Monday, December 3, 2012

Pricing changes for 2013

With EssayTagger's growth and evolution it's time to revise our marketing emphasis and pricing model.

Reaching maturity
EssayTagger launched at the 2011 NCTE conference in Chicago as a bare-bones site that was built primarily around our innovative grading app. In the early days we were in "Open Beta" and all accounts were completely free. We then shifted to early adopter discounted pricing while continuing to expand our feature set at a nonstop pace. And because we are a cloud-based service every single feature upgrade we make is instantly available to all users (think how Google Drive constantly evolves vs installed software like Microsoft Word that forces you to buy upgrades).

The site is now a full end-to-end solution from configuring a Common Core-aligned rubric all the way to statistical analysis of your grading results and student-by-student Common Core-aligned progression tracking.

Instructors from nearly 1,000 different schools across 60 countries have graded thousands of essays in EssayTagger.

Sunday, December 2, 2012

Latest Update: Rubrics can now be downloaded as Excel files!

We're doing everything we can to encourage more teacher collaboration within teams and across the entire web. One of the main ways we do this is through rubric sharing.

Instructors can already create their own rubrics; share them via email, Twitter, facebook, or hyperlink; print them (Macs can save the printable version to PDF); import any EssayTagger rubric into their own accounts; and edit those rubrics however they please.

Now you can also download any EssayTagger rubric as an Excel CSV file.

The CSV file format is very common and is supported by most spreadsheet programs (Excel, Google Drive spreadsheet, etc.).

Friday, November 30, 2012

Latest Update: Downloadable results data!

As part of our push for new and improved data reporting, you can now download all of your results/grading data for each of your assignments. This feature is fully reverse-compatible with all existing assignments.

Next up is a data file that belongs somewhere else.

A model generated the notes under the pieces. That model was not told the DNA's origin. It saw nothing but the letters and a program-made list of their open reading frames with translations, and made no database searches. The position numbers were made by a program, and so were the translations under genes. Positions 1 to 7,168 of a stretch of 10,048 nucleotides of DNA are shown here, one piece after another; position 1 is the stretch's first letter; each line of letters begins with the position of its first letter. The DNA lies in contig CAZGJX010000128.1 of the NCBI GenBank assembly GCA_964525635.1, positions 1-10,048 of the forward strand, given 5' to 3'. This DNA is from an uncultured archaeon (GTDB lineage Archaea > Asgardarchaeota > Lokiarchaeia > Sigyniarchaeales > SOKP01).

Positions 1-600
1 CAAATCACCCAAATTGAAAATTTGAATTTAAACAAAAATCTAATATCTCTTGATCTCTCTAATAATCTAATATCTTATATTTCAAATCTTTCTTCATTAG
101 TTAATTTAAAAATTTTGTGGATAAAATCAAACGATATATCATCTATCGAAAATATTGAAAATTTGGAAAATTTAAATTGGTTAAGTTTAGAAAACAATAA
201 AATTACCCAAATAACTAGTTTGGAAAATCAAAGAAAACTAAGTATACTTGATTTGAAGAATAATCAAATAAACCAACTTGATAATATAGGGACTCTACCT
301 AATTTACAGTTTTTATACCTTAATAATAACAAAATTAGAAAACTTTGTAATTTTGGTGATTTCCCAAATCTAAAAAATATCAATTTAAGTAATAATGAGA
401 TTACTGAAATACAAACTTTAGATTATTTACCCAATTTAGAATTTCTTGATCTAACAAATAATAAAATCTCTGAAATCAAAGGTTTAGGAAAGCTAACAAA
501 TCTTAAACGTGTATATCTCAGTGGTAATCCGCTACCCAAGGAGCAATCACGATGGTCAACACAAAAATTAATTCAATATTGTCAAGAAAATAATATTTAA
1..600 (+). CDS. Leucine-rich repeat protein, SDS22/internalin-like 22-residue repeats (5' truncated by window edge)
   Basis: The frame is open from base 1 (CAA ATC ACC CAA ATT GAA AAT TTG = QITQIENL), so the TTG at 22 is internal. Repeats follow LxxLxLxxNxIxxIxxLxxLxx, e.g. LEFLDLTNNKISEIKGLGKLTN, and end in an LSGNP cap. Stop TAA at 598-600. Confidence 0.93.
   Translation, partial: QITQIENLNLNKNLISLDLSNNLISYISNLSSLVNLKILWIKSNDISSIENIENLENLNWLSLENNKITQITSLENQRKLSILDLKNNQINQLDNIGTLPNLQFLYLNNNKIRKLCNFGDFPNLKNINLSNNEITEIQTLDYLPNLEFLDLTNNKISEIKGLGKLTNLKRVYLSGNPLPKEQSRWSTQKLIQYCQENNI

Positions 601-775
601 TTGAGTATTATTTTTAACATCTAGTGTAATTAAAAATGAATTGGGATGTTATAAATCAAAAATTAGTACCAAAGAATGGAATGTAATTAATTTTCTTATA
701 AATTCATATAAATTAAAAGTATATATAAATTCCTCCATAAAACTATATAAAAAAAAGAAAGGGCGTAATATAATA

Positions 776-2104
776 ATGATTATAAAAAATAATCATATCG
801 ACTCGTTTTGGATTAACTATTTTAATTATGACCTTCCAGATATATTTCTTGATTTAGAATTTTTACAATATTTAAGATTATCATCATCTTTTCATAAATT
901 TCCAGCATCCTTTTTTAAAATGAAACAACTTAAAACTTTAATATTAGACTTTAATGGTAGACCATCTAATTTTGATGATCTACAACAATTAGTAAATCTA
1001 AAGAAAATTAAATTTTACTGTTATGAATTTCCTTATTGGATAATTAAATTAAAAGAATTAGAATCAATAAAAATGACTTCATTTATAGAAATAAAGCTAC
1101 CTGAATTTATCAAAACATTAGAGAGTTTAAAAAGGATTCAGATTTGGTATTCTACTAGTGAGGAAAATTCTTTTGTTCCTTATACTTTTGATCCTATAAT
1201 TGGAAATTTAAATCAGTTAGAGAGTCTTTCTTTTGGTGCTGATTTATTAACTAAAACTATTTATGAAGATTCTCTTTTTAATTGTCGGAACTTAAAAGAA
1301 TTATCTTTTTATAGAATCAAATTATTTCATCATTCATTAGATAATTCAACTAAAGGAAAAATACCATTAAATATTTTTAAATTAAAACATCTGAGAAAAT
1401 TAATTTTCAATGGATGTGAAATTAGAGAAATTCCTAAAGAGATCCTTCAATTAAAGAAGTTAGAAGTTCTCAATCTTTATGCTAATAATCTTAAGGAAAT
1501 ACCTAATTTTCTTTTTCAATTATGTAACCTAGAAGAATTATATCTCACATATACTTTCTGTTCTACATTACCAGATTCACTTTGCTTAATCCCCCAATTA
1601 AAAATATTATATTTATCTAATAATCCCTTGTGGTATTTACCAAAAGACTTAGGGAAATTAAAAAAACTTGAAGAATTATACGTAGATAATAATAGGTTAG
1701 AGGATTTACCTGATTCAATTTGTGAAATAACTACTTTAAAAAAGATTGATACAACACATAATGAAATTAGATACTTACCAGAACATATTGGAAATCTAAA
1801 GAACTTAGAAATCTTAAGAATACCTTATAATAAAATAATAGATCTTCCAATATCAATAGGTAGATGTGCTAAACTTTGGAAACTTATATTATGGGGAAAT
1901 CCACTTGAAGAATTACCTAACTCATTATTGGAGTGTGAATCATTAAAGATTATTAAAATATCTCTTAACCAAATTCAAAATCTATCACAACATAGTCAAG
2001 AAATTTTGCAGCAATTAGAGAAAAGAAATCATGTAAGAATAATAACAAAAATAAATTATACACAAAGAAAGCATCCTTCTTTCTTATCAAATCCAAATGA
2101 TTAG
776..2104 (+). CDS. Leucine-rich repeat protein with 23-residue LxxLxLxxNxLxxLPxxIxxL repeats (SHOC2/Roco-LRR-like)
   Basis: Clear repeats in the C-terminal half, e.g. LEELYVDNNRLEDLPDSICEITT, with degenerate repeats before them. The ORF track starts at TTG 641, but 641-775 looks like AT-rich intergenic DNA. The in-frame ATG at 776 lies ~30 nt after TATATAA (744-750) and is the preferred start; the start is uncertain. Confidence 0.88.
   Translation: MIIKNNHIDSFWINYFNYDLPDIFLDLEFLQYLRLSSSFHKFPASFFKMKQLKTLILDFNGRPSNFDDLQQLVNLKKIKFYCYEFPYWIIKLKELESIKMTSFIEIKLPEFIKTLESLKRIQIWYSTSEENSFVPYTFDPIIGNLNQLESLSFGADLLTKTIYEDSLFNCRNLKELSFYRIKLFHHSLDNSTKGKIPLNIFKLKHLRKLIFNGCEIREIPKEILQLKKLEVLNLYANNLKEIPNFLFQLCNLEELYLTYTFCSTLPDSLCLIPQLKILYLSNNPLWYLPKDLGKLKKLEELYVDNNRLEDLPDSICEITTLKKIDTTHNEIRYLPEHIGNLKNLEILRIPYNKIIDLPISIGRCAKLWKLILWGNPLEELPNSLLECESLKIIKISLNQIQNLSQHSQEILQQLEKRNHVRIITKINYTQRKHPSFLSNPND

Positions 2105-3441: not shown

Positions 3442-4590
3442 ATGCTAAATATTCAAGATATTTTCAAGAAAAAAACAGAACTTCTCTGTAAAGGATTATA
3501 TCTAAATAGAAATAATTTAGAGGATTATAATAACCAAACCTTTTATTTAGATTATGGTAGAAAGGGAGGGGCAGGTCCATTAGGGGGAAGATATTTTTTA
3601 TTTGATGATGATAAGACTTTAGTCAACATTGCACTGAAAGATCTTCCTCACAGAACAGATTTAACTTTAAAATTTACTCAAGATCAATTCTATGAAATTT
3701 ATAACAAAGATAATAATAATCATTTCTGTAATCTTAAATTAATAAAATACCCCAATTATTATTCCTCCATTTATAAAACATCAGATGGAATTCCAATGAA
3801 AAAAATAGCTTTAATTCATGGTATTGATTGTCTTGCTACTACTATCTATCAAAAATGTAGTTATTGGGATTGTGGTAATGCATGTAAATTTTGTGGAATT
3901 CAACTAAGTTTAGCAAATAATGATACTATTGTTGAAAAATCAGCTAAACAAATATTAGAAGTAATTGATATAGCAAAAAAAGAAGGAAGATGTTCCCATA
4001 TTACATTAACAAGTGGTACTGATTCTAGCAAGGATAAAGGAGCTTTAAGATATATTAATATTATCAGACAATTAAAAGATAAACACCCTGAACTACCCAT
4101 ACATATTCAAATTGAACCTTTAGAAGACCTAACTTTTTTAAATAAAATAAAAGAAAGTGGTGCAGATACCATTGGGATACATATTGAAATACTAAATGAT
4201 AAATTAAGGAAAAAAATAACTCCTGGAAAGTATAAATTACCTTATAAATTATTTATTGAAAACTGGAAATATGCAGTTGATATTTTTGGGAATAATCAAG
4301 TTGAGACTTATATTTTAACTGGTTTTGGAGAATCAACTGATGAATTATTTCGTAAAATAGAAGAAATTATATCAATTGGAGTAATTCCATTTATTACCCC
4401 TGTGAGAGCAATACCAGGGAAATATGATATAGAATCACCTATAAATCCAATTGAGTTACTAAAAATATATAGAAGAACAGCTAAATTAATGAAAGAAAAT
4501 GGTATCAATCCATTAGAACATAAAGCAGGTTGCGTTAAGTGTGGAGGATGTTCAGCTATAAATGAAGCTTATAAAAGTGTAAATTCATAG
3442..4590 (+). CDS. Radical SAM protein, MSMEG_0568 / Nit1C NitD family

We don't believe in vendor lock-in so we're happy and excited to offer yet another way for you to access your results data. It's your data; it shouldn't be trapped on our servers.

What's in the download?
All of the data in the chart shown below will be included in the data download as well as a few extra fields. Here's the full list:

Using EssayTagger to level expectations within teacher teams

Teacher teams should have a common vision for what "success" means for their students. EssayTagger collects and analyzes a ton of data which can be used to create consistent expectations across the teacher team.

Whenever you grade an assignment in EssayTagger you end up with an assortment of data reports that provide a deeper insight into how your students performed, based on your evaluations.

That's all well and good, but what is the relevance to teachers operating in a team-based approach? What does the rest of the Sophomore English team care about the results from my two Soph Eng sections?

At a minimum, compare results and discuss
Maybe I find that my sections are doing reasonably well on Thesis but are still developing their skills with Counterclaims. Are the other Soph Eng teachers seeing the same thing with their students?

If so, we can talk about strategies to improve their work with addressing the opposing viewpoint.

Or perhaps we'll find that my Thesis results look stronger than the other teachers' results. Now things get interesting. Am I doing something awesome that's really working with my kids or am I just grading their theses too generously?

Thursday, November 29, 2012

Latest Update: New data reports!

With EssayTagger's core platform in place, it's time to turn our attention to the incredibly rich data that is generated when you grade your essays in our system.

UPDATE 11/3:
We've already updated the charts quite a bit and have updated this post to reflect the changes!

UPDATE 11/29:
Even more improvements and two new charts! Post updated again.

UPDATE 11/30:
You can now download your grading data to Excel!